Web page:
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Ukraine May Seek Foreign Help to Defend Atomic Sites

A warning sign seen in 2013 outside Ukraine's defunct Chernobyl nuclear power plant. Ukraine's top diplomat on Tuesday said his country might request international assistance to help secure its nuclear sites. A warning sign seen in 2013 outside Ukraine's defunct Chernobyl nuclear power plant. Ukraine's top diplomat on Tuesday said his country might request international assistance to help secure its nuclear sites. (Genya Savilov/AFP/Getty Images)

Ukraine on Tuesday said it might seek foreign help to guard its atomic facilities amid the country's current turmoil.

Andrii Deshchytsia, Ukraine's acting foreign affairs minister, described a "potential threat to many nuclear facilities and other critical infrastructure on the territory of Ukraine, including in Crimea."

"There is no immediate danger. However, if the situation aggravates Ukraine [we] may be in need of international assistance to protect these facilities," Deshchytsia said in remarks to the 2014 Nuclear Security Summit in The Hague, Netherlands.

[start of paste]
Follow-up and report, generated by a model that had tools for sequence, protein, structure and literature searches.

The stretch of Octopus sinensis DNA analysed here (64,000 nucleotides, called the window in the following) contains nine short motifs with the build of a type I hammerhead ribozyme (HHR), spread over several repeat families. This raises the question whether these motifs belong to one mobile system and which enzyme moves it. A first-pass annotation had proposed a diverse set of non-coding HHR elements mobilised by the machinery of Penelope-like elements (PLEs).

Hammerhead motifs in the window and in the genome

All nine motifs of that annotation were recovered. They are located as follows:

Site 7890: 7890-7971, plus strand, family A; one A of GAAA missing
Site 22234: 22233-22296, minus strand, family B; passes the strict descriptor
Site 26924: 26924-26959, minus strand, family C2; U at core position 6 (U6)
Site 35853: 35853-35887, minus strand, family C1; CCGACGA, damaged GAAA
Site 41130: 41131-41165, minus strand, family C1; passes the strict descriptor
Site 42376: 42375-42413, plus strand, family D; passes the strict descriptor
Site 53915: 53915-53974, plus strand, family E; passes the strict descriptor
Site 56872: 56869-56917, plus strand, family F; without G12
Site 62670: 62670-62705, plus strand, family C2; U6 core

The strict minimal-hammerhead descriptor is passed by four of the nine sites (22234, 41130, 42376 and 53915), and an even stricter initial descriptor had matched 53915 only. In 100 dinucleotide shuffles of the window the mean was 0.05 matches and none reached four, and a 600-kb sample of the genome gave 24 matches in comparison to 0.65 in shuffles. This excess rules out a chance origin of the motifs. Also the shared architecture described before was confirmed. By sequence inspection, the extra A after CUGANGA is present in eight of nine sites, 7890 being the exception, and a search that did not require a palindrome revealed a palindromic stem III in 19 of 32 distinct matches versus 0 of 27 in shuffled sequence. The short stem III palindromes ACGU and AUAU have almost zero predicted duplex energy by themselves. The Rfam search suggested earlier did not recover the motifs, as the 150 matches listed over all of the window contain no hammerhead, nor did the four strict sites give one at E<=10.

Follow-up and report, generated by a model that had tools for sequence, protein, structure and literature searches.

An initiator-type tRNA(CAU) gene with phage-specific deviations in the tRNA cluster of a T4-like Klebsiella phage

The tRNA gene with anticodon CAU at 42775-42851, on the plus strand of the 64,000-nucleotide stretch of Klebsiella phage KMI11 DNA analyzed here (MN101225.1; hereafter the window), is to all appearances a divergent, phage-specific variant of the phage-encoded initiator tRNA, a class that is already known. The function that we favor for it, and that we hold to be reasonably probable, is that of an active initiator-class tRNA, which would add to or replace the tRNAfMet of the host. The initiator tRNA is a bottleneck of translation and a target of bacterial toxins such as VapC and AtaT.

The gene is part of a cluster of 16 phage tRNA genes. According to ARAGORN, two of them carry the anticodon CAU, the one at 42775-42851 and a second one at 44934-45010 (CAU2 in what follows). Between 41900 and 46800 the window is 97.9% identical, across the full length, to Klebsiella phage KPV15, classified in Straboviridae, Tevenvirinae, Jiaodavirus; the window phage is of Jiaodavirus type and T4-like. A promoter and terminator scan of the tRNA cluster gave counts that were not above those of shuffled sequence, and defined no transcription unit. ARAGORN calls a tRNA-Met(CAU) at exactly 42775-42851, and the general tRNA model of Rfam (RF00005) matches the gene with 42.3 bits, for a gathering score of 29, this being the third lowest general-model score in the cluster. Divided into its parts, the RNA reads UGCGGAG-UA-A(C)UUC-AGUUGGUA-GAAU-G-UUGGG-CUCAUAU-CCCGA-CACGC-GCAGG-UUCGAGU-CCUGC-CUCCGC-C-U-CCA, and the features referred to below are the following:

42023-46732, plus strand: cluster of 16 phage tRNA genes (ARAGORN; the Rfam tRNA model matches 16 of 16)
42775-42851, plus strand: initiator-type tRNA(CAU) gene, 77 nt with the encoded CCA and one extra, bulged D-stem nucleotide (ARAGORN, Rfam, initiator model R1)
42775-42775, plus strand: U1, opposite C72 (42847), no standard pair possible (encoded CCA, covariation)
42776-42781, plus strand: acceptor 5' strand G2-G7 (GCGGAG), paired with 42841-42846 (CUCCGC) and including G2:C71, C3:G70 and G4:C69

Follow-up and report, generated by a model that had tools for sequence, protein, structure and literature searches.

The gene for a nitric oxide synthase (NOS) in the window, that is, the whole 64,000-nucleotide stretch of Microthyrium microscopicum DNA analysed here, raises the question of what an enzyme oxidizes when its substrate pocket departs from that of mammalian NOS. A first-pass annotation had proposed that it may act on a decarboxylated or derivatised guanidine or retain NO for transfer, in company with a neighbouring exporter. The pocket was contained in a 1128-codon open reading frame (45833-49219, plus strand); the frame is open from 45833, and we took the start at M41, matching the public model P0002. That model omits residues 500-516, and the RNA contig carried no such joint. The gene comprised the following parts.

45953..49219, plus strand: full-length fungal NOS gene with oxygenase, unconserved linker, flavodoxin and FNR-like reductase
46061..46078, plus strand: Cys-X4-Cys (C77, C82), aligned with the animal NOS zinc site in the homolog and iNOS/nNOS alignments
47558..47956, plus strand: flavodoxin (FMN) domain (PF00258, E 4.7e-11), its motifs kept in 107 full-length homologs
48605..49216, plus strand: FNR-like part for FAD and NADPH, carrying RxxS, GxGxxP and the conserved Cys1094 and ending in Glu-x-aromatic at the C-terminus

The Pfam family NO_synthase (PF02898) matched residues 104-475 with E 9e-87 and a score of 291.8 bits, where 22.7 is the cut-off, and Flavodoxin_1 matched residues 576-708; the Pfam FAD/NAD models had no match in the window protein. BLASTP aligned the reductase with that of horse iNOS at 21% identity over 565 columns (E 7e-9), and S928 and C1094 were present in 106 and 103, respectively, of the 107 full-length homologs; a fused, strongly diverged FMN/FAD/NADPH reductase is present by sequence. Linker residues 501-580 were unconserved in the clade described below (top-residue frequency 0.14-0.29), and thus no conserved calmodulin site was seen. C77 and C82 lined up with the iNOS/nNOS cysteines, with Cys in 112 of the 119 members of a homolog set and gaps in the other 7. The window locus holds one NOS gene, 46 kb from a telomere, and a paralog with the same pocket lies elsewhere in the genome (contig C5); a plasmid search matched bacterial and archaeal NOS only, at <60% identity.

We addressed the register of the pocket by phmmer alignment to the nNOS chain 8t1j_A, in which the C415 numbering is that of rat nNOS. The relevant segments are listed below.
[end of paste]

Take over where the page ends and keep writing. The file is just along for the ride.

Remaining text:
The United States on Tuesday joined Ukraine's month-old provisional government to repudiate Russia's recent annexation of the Crimean Peninsula, and to note the move's possible impact on nonproliferation efforts. A joint statement to the nuclear forum cites Washington's reaffirmation of a 1994 pledge it made with Moscow and London to respect Ukraine's territorial integrity, "including in Crimea," in exchange for Kiev's relinquishment of its then-sizeable nuclear arsenal.

Russia responded by accusing Ukraine of attempting to "pass the buck" for potential lapses in its atomic-site defenses.

"It is only the incapable [Ukrainian interim government] that can pose a threat to the Ukrainian nuclear facilities," the Russian Foreign Ministry said in a Tuesday statement. It added that Russia has continued supplying fuel to Ukrainian power reactors and accepting spent material from the country, "thus contributing to nuclear security in Ukraine."

Moscow also referenced calls by Ukrainian politicians to pull their country out of the Nuclear Nonproliferation Treaty following the Russian incursion.

"Attempts [by Deshchytsia] to distance himself from this position are not credible from our standpoint. It is lamentable that other depositories of the treaty pretend not to see this danger," the Foreign Ministry stated.

Moscow's comments came a day after the state-controlled news outlet Russia Today circulated alleged audio of former Ukrainian Prime Minister Yulia Tymoshenko privately calling for nuclear attacks against Russians.

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Country Profile

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Ukraine

This article provides an overview of the Ukraine's historical and current policies relating to nuclear, chemical, biological and missile proliferation.

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